Encyclopedia of Fantasy (1997)
Multiple Personality

Modern psychotherapy recognizes multiple-personality disorder as a form of mental illness, often confused in common parlance with schizophrenia. Although rare, it has an obvious literary appeal, and is frequently invoked as a device in murder mysteries, as in The Florentine Dagger (1923) by Ben Hecht and Methinks the Lady (1945) by Guy Endore. It is a particularly common device in the cinema, where the influence of the dramatized case-study The Three Faces of Eve (1957) and Alfred Hitchcock's Psycho (1960) was carried forward to implausible thrillers like Color of Night (1994). Some Timeslip stories have an MP element, after the fashion of Charlotte Sometimes (1969) by Penelope Farmer. A particularly extreme example is featured in "Schizoid Creator" (1953) by Clark Ashton Smith. Further texts of relevance are S P Somtow's Moon Dance (1989) and Dave Duncan's A Man of His Word tetralogy. [BS]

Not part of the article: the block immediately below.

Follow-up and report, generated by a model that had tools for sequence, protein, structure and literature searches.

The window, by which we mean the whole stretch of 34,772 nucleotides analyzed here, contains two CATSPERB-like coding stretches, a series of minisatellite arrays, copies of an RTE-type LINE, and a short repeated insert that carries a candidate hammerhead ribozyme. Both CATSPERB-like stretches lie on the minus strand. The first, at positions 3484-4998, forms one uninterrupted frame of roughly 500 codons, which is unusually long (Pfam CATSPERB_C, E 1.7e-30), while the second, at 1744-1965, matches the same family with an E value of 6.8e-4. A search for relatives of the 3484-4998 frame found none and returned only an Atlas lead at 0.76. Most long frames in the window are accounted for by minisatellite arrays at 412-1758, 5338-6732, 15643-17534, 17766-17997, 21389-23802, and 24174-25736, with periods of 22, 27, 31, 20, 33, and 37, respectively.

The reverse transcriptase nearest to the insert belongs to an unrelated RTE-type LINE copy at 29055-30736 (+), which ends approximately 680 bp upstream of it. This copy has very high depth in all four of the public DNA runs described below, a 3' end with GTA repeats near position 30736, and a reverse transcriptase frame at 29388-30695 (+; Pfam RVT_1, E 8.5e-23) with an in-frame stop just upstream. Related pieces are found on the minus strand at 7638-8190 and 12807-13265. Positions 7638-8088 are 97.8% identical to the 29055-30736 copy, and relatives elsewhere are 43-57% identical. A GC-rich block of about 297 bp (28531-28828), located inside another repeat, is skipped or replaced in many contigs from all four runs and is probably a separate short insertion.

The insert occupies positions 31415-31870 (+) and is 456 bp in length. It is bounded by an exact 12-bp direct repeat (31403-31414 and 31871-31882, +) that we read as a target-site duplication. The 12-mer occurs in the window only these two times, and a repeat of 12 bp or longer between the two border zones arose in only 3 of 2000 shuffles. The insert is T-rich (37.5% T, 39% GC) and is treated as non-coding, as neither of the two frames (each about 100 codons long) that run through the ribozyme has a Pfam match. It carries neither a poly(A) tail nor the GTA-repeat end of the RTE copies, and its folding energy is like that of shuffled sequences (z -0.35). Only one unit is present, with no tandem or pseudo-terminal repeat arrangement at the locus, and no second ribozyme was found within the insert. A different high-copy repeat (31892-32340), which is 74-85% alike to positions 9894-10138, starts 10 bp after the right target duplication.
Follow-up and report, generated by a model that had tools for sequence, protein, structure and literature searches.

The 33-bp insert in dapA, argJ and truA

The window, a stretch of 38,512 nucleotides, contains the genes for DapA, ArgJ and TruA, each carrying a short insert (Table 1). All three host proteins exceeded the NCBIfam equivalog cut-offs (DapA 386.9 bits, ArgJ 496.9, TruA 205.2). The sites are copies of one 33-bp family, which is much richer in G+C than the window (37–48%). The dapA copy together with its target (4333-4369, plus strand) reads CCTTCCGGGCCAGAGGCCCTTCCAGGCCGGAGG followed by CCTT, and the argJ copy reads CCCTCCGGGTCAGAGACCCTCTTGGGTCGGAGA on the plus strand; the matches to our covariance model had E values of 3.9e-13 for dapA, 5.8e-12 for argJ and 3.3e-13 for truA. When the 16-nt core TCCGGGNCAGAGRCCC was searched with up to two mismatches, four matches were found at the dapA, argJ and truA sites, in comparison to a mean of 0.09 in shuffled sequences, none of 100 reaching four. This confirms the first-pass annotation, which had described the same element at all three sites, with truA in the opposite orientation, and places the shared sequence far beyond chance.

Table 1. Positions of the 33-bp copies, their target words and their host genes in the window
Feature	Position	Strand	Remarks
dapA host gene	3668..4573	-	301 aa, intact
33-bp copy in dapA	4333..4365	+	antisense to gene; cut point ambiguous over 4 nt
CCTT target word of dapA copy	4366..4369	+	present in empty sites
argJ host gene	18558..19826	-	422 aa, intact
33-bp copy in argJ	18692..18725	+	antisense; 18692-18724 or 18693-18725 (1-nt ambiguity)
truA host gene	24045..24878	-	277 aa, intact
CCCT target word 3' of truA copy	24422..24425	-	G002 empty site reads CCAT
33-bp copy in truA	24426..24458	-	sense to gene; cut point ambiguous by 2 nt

see also: Bewitched (1945); Wilkie Collins; Doubles; Eyes of Laura Mars (1978); Identity Exchange; Invisible Companions; Possession.

This entry is taken from the Encyclopedia of Fantasy (1997) edited by John Clute and John Grant. It is provided as a reference and resource for users of the SF Encyclopedia, but apart from possible small corrections has not been updated.